ArtsAutosBooksBusinessEducationEntertainmentFamilyFashionFoodGamesGenderHealthHolidaysHomeHubPagesPersonal FinancePetsPoliticsReligionSportsTechnologyTravel

American Justice: Casey Anthony Murder Trial of Daughter Caylee Anthony -> Not Guilty: A Case Study

Updated on August 12, 2019
My Esoteric profile image

ME has spent most of his retirement from service to the United States studying, thinking, and writing about the country he served.


Once Upon A Time.

NOT that many years ago, as a crow flies, another jury, and another defense counsel in another State was being vilified by an outraged public for an even more outrageous NOT GUILTY verdict heard around the world. The case was even more of a slam-dunk murder than the one just completed in Orange County, Florida, the Casey Anthony murder trial for the defendants were witnessed my many to have killed their victims unlike this modern day case where nobody witnessed the death of Caylee Anthony. Yet, just as unbelievably, the jury made up of the peers of the victims, not even peers of the defendants, found the men innocent of the crimes of which they were accused.

Justice certainly went wrong in this historical case. The people wanted the heads of the defense council. the jury, and the judges, let alone the defendants; they wanted vigilante justice now, just like some want the same kind of justice in Florida today. Many called for the death of John Adams, who, in 1770, a few years before becoming deeply involved in making the United States a reality and 27 years before becoming the second President of the United States, successfully defended seven of the nine soldiers accused of murdering five Bostonians on March 5, 1770 known as the Boson Massacre to the absolute horror of the good citizens of what would later become America. Of the two who were not acquitted of self-defense, they were found guilty and sentenced to having their thumbs branded in open court. The leader of the British troops, Captain Preston, was one of the seven found innocent by the Massachusetts jury as well. In a final note, on a deathbed confession, one of the participants in the mob that confronted the British soldiers that day in March corroborated the British story that they had been threatened by the Boston mob.


What Went Wrong (nothing really)

AFTER roughly eight hours of deliberation, a very short time considering the gravity of the charges and the complexity of the case, the jury returned with what America, or at least this writer, thought was going to be a slam dunk guilty verdict. Boy were we surprised, and many, outraged, although I am not one of them.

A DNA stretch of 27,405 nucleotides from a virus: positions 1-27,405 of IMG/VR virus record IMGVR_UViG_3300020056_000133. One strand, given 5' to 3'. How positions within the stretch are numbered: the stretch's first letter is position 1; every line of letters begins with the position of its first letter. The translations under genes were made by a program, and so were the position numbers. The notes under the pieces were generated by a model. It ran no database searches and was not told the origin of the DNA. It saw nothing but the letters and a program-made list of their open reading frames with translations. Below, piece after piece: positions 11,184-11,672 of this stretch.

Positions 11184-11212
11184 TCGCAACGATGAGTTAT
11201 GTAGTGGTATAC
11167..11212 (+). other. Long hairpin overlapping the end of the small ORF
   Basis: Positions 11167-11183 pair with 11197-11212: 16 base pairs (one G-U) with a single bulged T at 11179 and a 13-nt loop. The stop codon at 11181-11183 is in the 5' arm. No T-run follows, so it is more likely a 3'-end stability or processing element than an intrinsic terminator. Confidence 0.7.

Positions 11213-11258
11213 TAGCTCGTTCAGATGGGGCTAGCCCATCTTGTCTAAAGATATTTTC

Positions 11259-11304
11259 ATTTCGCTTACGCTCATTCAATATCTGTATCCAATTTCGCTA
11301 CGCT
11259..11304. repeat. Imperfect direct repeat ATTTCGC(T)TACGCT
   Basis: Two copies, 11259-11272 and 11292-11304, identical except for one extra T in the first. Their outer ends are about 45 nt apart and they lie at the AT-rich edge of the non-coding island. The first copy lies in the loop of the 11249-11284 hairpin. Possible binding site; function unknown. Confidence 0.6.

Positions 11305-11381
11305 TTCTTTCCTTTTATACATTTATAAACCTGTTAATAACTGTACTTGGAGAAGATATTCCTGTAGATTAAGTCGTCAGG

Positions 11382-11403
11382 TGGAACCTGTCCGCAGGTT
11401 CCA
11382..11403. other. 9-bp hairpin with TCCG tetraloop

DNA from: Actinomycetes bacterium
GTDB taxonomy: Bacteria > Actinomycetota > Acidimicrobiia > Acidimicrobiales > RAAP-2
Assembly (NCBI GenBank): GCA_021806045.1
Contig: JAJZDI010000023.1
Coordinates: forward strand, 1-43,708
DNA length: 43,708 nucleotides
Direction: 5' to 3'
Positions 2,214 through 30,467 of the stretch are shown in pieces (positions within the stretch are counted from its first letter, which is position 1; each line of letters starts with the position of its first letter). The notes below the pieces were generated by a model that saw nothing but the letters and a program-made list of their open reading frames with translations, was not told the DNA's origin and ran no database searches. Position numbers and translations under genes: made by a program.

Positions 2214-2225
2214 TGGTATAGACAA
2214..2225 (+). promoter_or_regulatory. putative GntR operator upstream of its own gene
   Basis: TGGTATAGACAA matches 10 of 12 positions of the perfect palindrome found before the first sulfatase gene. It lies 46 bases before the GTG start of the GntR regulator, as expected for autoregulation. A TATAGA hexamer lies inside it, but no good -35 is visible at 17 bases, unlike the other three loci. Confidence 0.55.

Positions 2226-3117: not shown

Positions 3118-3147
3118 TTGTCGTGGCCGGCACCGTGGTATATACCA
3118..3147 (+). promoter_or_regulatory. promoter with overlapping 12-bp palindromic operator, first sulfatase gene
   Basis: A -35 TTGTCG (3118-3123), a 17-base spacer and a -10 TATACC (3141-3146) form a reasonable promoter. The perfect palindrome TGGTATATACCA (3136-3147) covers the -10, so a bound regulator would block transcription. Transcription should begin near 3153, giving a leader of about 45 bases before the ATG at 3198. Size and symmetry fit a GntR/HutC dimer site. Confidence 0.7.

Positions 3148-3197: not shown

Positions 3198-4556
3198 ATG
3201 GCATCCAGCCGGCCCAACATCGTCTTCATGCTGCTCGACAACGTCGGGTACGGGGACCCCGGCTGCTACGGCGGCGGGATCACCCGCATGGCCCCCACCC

I presume every one knows by now that Casey Anthony was found Not Guilty of any of the charges regarding the death of Caylee, her daughter; she was only found guilty of lying to the police. Let me establish that I do think Casey Anthony killed Caylee Anthony, but I don't necessarily believe she murdered her child with malice aforethought. I also think that the prosecution provided enough circumstantial evidence to prove that beyond a reasonable doubt. Having said that, it is clear the jury of 12 reasonable men and woman did have a reasonable doubt; they did not appear to quibble about or debate about it either; they came to that conclusion rather quickly, it seems. The rapidity of their decision, plus that of one of the alternates, puts my conclusion in some doubt.

Do I believe those on the jury think that Casey didn't kill Caylee? No, it is simply not logical to me that anyone else could have done it, so. I am forced to think they think she killed Caylee. But, what they obviously believe, and what they should be applauded for and not condemned for is that the State did not prove beyond a reasonable doubt the elements required by the State of Florida to find Casey guilty of murder or any of the lesser charges. There may have been a preponderance of the evidence but there was still reasonable doubt in ALL twelve minds of the jurors, ALL twelve, without hesitation; this was a slam dunk finding of the State not proving its case as required by law. This was a slam dunk case of the American legal system working as the founders had hoped it would work.


Caylee's Death Goes Unaswered

YES, it does, and that is a real shame; or does it? I am not so sure that Caylee hasn't received justice as so many have claimed she hasn't because her mother was not found guilty of her death. I might argue that her death has been answered in that her plight has been brought to the attention of the world. The fact there has been no formal pronouncement of guilt by the system seems rather pointless to me and rather childish of those who insist on it; the world knows who is responsible and more important, Casey, unless she is a sociopath, knows the world is aware of her callousness. Caylee's death is vindicated by the fact that Casey has to publicly live with the knowledge that wherever she goes, people will look at her and see her as the mother who partied on her daughters grave; that is what the world will be thinking of her. These self-righteous people claiming that Caylee hasn't received "Justice" haven't a clue as to what they are talking about.